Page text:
Energy Policy Shakes Down Along Party Lines As Election Nears | KCET
Energy Policy Shakes Down Along Party Lines As Election Nears
Did you know the Obama Administration had declared a War on Coal? No? Neither did we. But the leadership of the House Natural Resources Committee has decided that war is in full swing, and this week the House will be considering five bills forwarded by the Committee designed to end that war, by way of unconditional surrender.
The bills, consolidated into what the Republicans are calling the "Stop the War on Coal Act of 2012," include one that would bar the Secretary of the Interior from issuing rules or regulations that would cause economic impact to coal companies.
That bill -- H.R. 3409, the Coal Miner Employment and Domestic Energy Infrastructure Protection Act -- would also forbid the Interior Department from declaring any area -- presumably including wilderness study areas and other potentially protected sites -- as "unsuitable for coal mining," or from reducing coal production through regulation.
HR 3409's provisions would be effective until December 31, 2013.
Also included in the package:
- H.R. 910, the misleadingly named Energy Tax Prevention Act of 2011, which would actually bar the EPA from regulating carbon dioxide as a greenhouse gas;
- H.R. 2401, the Transparency in Regulatory Analysis of Impacts on the Nation Act of 2011, which would require the administration to examine cumulative economic impacts of environmental regulations, mainly focusing on the EPA;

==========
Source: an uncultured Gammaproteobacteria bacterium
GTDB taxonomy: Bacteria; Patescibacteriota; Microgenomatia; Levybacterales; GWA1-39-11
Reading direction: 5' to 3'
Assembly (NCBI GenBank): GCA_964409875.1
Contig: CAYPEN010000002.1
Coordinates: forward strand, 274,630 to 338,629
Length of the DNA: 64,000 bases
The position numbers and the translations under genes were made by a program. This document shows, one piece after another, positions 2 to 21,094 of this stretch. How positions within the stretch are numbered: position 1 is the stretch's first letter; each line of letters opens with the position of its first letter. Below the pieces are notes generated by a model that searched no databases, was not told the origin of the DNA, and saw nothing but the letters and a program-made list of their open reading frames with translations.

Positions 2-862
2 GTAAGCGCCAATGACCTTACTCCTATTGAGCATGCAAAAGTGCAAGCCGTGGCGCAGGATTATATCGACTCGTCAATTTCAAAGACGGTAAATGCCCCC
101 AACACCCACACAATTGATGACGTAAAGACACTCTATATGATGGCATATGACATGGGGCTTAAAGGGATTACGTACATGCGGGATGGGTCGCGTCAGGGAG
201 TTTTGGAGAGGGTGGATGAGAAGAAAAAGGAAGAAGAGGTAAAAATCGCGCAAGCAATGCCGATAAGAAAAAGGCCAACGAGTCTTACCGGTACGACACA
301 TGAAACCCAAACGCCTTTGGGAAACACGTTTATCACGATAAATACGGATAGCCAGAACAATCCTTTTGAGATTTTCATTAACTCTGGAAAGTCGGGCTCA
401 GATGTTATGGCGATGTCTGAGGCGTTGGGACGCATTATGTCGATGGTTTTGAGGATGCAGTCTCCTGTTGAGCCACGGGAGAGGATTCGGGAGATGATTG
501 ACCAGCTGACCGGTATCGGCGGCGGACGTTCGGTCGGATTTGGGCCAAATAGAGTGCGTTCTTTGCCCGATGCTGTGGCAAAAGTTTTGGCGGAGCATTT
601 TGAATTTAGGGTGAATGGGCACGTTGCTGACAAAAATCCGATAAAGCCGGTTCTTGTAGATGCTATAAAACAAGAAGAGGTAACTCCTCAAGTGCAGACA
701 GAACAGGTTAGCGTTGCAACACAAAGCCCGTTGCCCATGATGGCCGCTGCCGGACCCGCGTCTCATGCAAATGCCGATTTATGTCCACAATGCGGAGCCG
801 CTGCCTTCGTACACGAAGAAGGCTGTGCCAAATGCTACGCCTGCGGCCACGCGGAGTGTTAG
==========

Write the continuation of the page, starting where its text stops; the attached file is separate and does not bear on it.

- H.R. 2273, Coal Residuals Reuse and Management Act, which would loosen and codify individual states' authority to regulate disposal of coal ash, and;
- H.R. 2018, Clean Water Cooperative Federalism Act of 2011, which would decrease the EPA's power to regulate water pollution if a state government opposed the EPA.
The cumulative impact of these bills would be essentially to prevent the Department of the Interior and EPA from regulating the coal industry at all.
The "Stop the War on Coal Act" joins a couple other Republican offensives on behalf of the fossil fuel industry being discussed on Capitol Hill this month. Last week, the Natural Resources Committee held hearings on the Obama administration's six-month moratorium on deepwater drilling in the Gulf of Mexico declared in the aftermath of the April 2010 Deepwater Horizon disaster. Republican Resources Committee chairman Doc Hastings said, in a statement at the opening of the hearing Thursday, that
The drilling moratorium directly impacted the lives of thousands of individuals in the Gulf of Mexico. It caused widespread economic devastation and decreased American energy production[.]
The moratorium, which lasted until October 2010, affected only 33 deepwater drilling rigs.
It's worth noting that Chairman Hastings isn't uniformly opposed to renewable energy. He's actually gone to bat for deregulation of hydroelectric power as well. Hastings' 4th Congressional District in Washington State contains dozens of dams, and Hastings has opposed efforts to protect beleaguered salmon populations from operation of hydropower turbines. He also backs wind development in his state, and advocates an "all of the above" national energy strategy.
Still, the focus seems to be on fossil fuels in the run-up to the election, and even though the Obama administration is much more friendly to the coal industry than many renewable power advocates would like, it seems House Republicans are determined to paint the President as coal's implacable enemy. Whether that will cost the President votes or win him some remains to be seen.
For ongoing environmental coverage in March 2017 and afterward, please visit our show Earth Focus, or browse Redefine for historic material.
KCET's award-winning environment news project Redefine ran from July 2012 through February 2017.
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